I’m lucky enough that I’ve reached a point where my combined income from all of my stores is enough for bills, rent, kids, cats, gadgets with some left over for cappuccinos and rainy days. 🙂
Jules: What advice would you give to artists hoping to sell work on RedBubble?
Tracie: Try to be consistent by uploading regularly, and even if you don’t sell anything to begin with, keep at it. Generating a steady income takes time and commitment. Although it can be a good idea to be aware of what’s trending and popular always be yourself. Push you own ideas, what excites you and what you enjoy making, it will show in the work and who knows, maybe you’ll set some new trends. 🙂
Jules: And finally, some quick and fun — totally optional — questions:
If you could collaborate with any other artist, living or dead, who would it be?
Tracie: For me art is a very personal endeavour so I like to keep complete control for myself 🙂 I have worked on some projects throughout the years with my artist husband (we have a joint Redbubble shop ‘Wordquirk’) but I’m very much focused on my art and where it’s leading me.
Jules: What is your favorite music/song/band to listen to while making art?
Tracie: Changes all the time – I go through periods of listening to the same band/artist over and over again until I move onto the next obsession 🙂 it’s currently Radiohead’s ‘Moon Shaped Pool’, before that Coldplay, Muse, David Bowie, Janis Joplin, Morrissey…
Jules: What is your favorite art movement / period of art history?
Tracie: I’d have to say the abstract expressionists. I see similarities in my method of working to their philosophy of using tools and mediums in new, and not always conventional, ways. For me the act of making marks on paper, canvas, a digital screen, and seeing where it will take me, is the best part about being an artist.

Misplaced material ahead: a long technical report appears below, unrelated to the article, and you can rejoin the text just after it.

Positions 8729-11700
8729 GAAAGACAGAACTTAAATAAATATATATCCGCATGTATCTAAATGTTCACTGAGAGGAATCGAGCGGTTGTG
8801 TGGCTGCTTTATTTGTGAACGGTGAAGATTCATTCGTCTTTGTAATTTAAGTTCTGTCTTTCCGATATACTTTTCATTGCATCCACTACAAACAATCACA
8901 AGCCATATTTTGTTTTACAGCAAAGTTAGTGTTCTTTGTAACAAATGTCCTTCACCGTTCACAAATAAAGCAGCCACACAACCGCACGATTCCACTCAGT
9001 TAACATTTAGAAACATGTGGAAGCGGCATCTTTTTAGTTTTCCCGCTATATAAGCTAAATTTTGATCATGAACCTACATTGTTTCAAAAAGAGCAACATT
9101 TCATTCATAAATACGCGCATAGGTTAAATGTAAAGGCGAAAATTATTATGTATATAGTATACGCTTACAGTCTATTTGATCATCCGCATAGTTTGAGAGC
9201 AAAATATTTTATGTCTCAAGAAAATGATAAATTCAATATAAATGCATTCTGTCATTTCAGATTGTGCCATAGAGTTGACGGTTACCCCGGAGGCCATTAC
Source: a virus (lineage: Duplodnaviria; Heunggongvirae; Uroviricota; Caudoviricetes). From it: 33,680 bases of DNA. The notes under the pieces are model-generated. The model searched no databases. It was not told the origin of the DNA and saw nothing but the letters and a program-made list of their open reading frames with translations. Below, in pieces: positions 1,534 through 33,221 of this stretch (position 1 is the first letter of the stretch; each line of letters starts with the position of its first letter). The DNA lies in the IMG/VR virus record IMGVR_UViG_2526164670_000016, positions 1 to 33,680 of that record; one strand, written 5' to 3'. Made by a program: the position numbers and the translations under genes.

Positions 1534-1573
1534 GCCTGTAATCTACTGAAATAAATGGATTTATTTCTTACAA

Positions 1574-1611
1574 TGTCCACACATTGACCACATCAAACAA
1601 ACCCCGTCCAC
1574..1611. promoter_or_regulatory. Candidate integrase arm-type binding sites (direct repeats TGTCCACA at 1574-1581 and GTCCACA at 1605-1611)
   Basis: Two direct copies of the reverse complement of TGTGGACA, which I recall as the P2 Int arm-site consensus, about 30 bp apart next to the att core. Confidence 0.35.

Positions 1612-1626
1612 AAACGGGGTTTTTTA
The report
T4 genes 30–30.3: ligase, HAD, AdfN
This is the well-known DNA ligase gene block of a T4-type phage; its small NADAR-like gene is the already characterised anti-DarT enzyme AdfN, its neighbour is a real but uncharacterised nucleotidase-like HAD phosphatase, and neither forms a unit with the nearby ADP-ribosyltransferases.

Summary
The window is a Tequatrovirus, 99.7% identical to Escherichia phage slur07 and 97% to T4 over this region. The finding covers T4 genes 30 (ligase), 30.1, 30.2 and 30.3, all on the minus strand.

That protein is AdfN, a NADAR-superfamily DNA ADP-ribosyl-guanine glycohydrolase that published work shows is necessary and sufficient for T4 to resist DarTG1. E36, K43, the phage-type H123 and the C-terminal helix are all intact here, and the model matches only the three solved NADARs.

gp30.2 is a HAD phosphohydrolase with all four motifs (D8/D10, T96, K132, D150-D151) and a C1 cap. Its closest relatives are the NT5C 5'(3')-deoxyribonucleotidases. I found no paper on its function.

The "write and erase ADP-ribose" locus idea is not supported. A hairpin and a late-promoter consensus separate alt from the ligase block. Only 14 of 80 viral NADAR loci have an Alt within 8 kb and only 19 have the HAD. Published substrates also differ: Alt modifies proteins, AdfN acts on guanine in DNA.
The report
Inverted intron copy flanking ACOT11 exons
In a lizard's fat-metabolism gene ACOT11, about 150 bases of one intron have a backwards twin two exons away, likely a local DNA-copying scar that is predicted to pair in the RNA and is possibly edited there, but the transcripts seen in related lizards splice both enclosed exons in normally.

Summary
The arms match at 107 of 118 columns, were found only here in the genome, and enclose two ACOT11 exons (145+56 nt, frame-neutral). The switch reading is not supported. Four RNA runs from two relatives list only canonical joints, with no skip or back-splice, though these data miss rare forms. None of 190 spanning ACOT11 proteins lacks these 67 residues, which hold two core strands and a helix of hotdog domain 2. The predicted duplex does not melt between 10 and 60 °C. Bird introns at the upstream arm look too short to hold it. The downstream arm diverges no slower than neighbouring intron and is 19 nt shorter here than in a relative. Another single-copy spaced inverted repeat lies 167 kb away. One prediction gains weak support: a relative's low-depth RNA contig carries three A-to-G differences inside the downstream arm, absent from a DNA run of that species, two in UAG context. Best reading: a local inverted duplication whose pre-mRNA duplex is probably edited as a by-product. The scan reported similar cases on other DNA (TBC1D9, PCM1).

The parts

Jules: What/who/where inspires you most?
Tracie: Everything, nature, science, technology, space, movies, gaming, music…
Jules: Who is your favorite living artist? And do you own any of their artwork?
Tracie: Grayson Perry and no. 🙁
Jules: Well, hopefully someday! 😉 Who is your favorite artist to follow on Social Media?
Tracie: I don’t really spend that much time on social media. There is loads of work out there that I like from fellow Redbubble and Society6 artists, as well as Behance, so too many to have a favourite. I’m more of a dip in and out kind of Social Media type who likes to browse now and again and look at the great stuff out there.
Jules: Oh! And this is super important: How can my readers find you and your art online?
Thanks again to Tracie for doing this interview with me. One of the biggest takeaways for me is that I need to regularly add new designs to my Society6 shop, and start on more platforms (like RedBubble.) I’d love to hear your thoughts and greatest takeaways from this interview in the comments below!